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    Re: napier and logarithms
    From: George Huxtable
    Date: 2009 May 30, 12:29 +0100

    Paul Hirose pointed us to a Google of Briggs book on Logarithms, of 1624.
    
    The Latin text, in that, defeats me, but I was interested in Briggs'
    notation for decimal parts of numbers, which were quite a new concept in
    those days. Until then, the Western world had relied on fractions.
    
    The "decimal-point" (or in Europe, "decimal-comma") hadn't yet come into
    use, and mathematicians denoted decimal numbers in whichever way they
    thought best.
    
    Briggs denoted the integer part of a decimal number by slightly larger type;
    then the decimal part, in smaller type, was underlined. In the attachment
    you can see how the printer has set it out, by inseting a row of underline
    characters, rather raggedly, into his block.
    
    My interest comes from reading an account by Oughtred of his circular slide
    rule, of about 1630, which he called his "Circles of proportion", comprising
    11 concentric scales, finely inscribed on a brass disc 18 inches diameter.
    The book has an addendum concering his navigator's version, which is the
    instrument held at the Museum fot the History of Science in Oxford. That
    version has a two-turn scale of meridional parts, two turns (decades) of log
    sines (of angle from half-a-degree to 90), and four decades of log tans,
    from half-a-degree to 89.4. It was intended for handling the navigational
    problems of rhumb-line sailing, but not (as far as I can make out) to handle
    the great-circle calculations that the Bygrave is designed for.
    Nevertheless, I imagine that with a bit of fiddling, by taking complements
    of angles, a similar 3-step process to that used by the Bygrave might be
    implemented.
    
    But all that is by-the-way. What I wanted to ask about concerns a
    translation from his original Latin of Oughtred's 1632 book about his
    Circles of Proportion. It's the second, corrected, translation, this one by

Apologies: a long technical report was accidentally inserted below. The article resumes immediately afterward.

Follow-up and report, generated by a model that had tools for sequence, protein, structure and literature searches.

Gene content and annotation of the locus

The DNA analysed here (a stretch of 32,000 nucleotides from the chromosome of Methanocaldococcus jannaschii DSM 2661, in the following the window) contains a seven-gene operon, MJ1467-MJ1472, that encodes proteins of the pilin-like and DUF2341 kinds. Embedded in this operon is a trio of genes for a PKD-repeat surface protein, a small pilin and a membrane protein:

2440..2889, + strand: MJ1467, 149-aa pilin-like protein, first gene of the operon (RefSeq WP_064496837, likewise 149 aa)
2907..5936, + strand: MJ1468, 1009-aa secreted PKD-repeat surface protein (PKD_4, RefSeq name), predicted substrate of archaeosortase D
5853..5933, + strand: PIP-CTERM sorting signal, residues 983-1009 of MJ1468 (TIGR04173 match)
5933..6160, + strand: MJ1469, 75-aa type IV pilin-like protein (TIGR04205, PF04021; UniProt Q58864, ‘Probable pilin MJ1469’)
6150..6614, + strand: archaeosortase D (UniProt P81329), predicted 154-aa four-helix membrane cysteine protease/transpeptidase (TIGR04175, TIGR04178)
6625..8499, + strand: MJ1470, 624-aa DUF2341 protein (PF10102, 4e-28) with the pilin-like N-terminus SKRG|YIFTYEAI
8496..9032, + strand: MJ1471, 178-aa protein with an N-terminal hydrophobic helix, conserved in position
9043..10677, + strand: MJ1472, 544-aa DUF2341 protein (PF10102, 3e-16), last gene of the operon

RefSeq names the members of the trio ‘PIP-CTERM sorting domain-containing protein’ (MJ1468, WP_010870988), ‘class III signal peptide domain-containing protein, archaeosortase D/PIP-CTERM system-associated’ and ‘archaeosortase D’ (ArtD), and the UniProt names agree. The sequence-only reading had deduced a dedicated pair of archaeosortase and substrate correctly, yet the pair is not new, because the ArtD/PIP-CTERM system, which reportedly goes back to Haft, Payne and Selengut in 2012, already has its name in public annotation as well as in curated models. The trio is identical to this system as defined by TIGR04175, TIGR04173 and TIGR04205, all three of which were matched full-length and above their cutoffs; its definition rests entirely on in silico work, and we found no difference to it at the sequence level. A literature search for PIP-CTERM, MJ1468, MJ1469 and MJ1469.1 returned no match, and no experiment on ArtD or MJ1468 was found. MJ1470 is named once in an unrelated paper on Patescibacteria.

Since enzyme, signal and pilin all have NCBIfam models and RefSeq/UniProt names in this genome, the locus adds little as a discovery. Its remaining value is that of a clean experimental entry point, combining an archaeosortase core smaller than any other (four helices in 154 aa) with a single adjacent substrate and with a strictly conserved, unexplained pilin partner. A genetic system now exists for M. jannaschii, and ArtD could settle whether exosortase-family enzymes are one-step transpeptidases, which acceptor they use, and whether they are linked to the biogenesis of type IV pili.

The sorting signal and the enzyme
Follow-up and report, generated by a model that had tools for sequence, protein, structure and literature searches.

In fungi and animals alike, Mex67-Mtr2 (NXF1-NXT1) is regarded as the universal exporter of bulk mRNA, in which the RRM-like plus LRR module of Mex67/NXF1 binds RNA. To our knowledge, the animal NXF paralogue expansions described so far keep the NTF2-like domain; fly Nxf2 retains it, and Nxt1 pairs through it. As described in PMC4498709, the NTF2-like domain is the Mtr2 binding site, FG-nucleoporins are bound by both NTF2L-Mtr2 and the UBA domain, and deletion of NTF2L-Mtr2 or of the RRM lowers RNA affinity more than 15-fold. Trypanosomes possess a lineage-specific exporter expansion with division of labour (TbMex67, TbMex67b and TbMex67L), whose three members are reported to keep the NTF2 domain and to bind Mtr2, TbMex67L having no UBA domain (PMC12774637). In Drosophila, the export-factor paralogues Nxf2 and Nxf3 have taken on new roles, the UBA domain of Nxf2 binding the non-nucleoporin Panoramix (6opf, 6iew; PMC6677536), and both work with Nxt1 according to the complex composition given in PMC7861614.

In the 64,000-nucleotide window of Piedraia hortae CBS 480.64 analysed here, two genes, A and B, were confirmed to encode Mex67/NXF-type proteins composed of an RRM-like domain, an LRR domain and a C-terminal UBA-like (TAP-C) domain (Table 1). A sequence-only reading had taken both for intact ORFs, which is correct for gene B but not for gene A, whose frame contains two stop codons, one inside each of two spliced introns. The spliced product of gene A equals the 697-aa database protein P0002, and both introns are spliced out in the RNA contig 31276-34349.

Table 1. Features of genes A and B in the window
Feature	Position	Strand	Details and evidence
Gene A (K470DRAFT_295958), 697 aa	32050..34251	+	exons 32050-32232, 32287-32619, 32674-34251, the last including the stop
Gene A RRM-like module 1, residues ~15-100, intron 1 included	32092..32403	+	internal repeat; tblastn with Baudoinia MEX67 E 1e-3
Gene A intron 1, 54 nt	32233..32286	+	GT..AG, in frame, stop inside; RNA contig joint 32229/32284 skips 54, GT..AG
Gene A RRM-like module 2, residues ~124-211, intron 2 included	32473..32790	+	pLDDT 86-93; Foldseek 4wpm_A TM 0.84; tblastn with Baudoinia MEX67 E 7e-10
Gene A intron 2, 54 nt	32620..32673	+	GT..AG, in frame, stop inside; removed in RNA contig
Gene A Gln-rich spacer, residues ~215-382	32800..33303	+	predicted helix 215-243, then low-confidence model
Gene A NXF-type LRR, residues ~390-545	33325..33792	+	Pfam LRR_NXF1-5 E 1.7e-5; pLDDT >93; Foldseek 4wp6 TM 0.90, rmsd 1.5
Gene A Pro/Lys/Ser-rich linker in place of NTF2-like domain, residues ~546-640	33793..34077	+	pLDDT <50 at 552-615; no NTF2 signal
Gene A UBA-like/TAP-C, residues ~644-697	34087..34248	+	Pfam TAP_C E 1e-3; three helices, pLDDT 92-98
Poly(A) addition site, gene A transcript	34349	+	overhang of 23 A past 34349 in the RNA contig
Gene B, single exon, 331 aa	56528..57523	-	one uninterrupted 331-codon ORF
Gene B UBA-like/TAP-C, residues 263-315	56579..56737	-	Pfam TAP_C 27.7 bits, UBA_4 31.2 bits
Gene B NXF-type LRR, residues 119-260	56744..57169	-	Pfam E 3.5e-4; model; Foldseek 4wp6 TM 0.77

Arthur Haughton, of 1660. It's been digitised, by EEBO (Early English books
    online) but only available to subscribers, such as university libraries.
    
    And my question has little to do with navigation itself, but with Oughtred's
    notation for decimals, which is, I think, the same notation that was being
    used in the earlier documents of 30 years before, just a few years after
    Briggs.
    
    Oughtred goes to some trouble to explain about decimals, and his notation
    involves drawing an L-slaped line, the vertical stroke coming beteen the
    units and tenths digits, when it bends to the right to underline all of the
    decimal-part. You can see many instances in the attachment, oughtred.jpg.
    What I found so interesting was that all these L-shapes differ, noticeably.
    Of course, you expect the horizontal stroke to be of different length, for
    differing numbers of decimal digits, but it's more than that. Sometimes, the
    bend of the L is sharp, in others, it's rounded. Sometimes, the "horizontal"
    arm is casually sloping, by different amounts.
    
    I wondered how these marks had been put into my copy, and indeed, whether
    they had been laboriously drawn in, in manuscript, after printing. By a
    stroke of luck, the museum happened to have a second copy of that same
    edition. [It's hard enough to lay hands on a 17th century book, never mind
    finding two identical copies in the same place] And indeed, those L marks,
    in the two copies, were identical; they had indeed been printed.
    
    So now, at long last, I get to my question. HOW were they printed? The
    museum librarian hazarded a guess that the printer had somehow inserted bits
    of bent wire into his block, to pick up the ink and transfer it. But how
    would they be held in place? Does anyone know enough about printing to make
    a guess?
    
    Life, for printers of such technical matters, must have got a lot easier
    once the decimal point came in.
    
    The attachment itself is interesting to navigators, in its content. It shows
    the four quadrants of the compass, each divided into 32 "rumbes", but those
    angles are precisely split up, and given  in two alternative decimal
    notations. Either as decimal degrees, starting at 2.8125 degrees, or as
    degrees and decimal-minutes, starting at 2 degrees 48.75 minutes. Oughtred
    was a long way ahead of his time, in decimalisation.
    
    George.
    
    contact George Huxtable, at  george{at}hux.me.uk
    or at +44 1865 820222 (from UK, 01865 820222)
    or at 1 Sandy Lane, Southmoor, Abingdon, Oxon OX13 5HX, UK.
    
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    File: 108454.briggs.doc
    File:


       
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